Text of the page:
Not set in London this time, nor featuring Peter Grant, but instead set in Trier, Germany and introducing Tobias Winter of Abteilung KDA of the Bunderskriminalamt. Won’t give too much away apart from to say that it introduces some new lore to the Rivers of London setting, and adds a different perspective to the world. Thoroughly enjoyed it.

And it’s given me some new things to think about with regards to Liminal.

- Neil.
 

Maddz

Rune Priest
The October Man, the latest Rivers of London novella by Ben Aaronovitch.

Not set in London this time, nor featuring Peter Grant, but instead set in Trier, Germany and introducing Tobias Winter of Abteilung KDA of the Bunderskriminalamt. Won’t give too much away apart from to say that it introduces some new lore to the Rivers of London setting, and adds a different perspective to the world. Thoroughly enjoyed it.

And it’s given me some new things to think about with regards to Liminal.

- Neil.
I thought £8.99 was a bit steep for a novella when I got The Furthest Station, so I'm in no hurry to get this one (although I eventually will). Besides, I've still got way too much reading to get through for WorldCon.
 
The October Man, the latest Rivers of London novella by Ben Aaronovitch.

Not set in London this time, nor featuring Peter Grant, but instead set in Trier, Germany and introducing Tobias Winter of Abteilung KDA of the Bunderskriminalamt. Won’t give too much away apart from to say that it introduces some new lore to the Rivers of London setting, and adds a different perspective to the world. Thoroughly enjoyed it.

And it’s given me some new things to think about with regards to Liminal.

- Neil.
Love this series, intrigued by the new perspective.
 

Guvnor

Administrator
Staff member
Slow Horses by Mick Herron
We saw the author at the Newcastle Noir weekend at the City Library on my birthday weekend and the author was calm, amusing laconic and his books sounded.. intriguing.
They are not Le Carré, not Deighton, not the Laundry of Stress, and definitely not Cummings. They are, however, about the dead end f**k ups of MI5, exiled to the dumping ground of Slough House.. and they are witty, funny, well plotted and very very well crafted. Not too long either. Recommended.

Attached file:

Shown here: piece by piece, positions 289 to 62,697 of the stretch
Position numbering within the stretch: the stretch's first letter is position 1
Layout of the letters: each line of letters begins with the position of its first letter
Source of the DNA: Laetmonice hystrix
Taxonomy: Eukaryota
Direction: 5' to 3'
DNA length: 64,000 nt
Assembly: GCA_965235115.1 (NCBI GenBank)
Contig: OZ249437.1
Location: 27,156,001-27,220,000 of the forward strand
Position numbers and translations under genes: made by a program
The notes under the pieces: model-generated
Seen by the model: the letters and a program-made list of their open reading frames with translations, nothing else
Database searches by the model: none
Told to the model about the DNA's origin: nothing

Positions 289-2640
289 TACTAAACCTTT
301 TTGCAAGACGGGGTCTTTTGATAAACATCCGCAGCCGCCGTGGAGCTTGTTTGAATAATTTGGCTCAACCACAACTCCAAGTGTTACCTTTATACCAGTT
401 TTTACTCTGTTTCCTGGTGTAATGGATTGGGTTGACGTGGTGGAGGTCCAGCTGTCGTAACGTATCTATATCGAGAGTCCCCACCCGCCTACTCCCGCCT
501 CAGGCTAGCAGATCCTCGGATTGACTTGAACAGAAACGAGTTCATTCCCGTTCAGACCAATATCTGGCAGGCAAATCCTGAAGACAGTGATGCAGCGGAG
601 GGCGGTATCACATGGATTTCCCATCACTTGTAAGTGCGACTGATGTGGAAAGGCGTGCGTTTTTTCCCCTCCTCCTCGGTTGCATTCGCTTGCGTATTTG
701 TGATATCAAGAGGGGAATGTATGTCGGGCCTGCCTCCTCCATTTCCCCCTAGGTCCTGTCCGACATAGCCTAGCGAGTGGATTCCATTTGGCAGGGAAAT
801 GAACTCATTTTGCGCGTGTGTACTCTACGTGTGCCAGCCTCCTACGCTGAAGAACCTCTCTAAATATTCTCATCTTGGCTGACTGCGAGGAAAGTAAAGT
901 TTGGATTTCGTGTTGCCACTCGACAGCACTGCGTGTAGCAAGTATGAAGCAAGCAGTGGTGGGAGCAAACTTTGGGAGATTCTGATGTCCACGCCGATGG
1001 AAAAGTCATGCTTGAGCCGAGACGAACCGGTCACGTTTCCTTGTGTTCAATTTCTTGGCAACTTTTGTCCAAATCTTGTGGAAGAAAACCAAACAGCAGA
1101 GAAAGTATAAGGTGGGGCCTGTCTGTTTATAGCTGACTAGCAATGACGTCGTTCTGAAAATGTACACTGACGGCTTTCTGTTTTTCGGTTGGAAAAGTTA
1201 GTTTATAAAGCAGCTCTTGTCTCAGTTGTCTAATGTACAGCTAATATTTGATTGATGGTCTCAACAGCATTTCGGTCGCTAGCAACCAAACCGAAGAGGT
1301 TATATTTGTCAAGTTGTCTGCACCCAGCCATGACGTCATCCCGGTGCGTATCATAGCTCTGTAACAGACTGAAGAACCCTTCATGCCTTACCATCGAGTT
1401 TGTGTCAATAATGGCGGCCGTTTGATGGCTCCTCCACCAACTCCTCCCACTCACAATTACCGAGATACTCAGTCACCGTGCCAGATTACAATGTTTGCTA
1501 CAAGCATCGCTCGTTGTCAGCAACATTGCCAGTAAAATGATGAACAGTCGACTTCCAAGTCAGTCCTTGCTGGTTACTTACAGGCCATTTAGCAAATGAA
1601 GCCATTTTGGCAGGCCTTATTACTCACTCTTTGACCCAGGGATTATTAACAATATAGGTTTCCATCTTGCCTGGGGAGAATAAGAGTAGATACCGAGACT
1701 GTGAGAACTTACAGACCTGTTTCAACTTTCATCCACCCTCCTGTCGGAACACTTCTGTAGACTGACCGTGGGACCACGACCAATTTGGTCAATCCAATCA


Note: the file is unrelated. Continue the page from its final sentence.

Slow Horses: Jackson Lamb Thriller 1 https://smile.amazon.co.uk/dp/B00X61MZQC/ref=cm_sw_r_cp_apa_i_TBucDbJ7168VG

Oh, I appear to have the next one..

IMG-20190618-WA0017.jpeg
 
Read the first four of the Slow Horses/Slough House books and enjoyed them. Also This is What Happened, a stand alone novel which at first seems to be an espionage tale but swiftly turns into something else.
 

Maddz

Rune Priest
Yet more Hugo reading:

Children of Blood and Bone, by Tomi Adeyemi (Legacy of Orisha 1)

This is one of the finalists for the Lodestar Award for new writers. No, this won't be my pick. I did finish it, but it was a slog.

Seventeen-year-old Zélie, her older brother Tzain, and rogue princess Amari fight to restore magic to the land and activate a new generation of magi, but they are ruthlessly pursued by the crown prince, who believes the return of magic will mean the end of the monarchy.

It's got decent bones. but I couldn't figure out if it was science fiction or fantasy, the scene transitions were jarring, and I thought the passage of time in the novel didn't work well. I will not be getting book 2.

Becky Chambers: The Wayfarer / Galactic Commons trilogy:
The Long Way to a Small, Angry Planet
A Closed and Common Orbit
Record of a Spaceborn Few


I really enjoyed these and really should have started reading the series earlier. The series is reminiscent of early C J Cherryh Alliance/Union stories before she got experimental.

The first book is pure space opera; the Wayfarer is hired to create a wormhole tunnel to a xenophobic race in the galactic core who are possibly joining the Galactic Commons but the ship has to get there before the tunnel can be created. It's a long voyage.

Book 2 is about an AI. Formerly the AI of the Wayfarer, it's personality was destroyed at the end of book 1, and the rebooted personality is too jarring for the crew who expect it to be the same as the original. The decision is made to completely replace the AI with a new one, and the rebooted AI leaves the ship.

Book 3 is about the Exodans. Humanity split into 2 branches when Earth became unsustainable - the Solans who remained in the Solar System, mostly on Mars, and the Exodans who built colony ships and left. The book features the sister of the captain of the Wayfarer.

All recommended; but be warned that books 2 and 3 are more constrained in scope.

Started reading Ninefox Gambit, by Yoon Ha Lee, and my first thought was 'It's Warhammer 40K fiction...'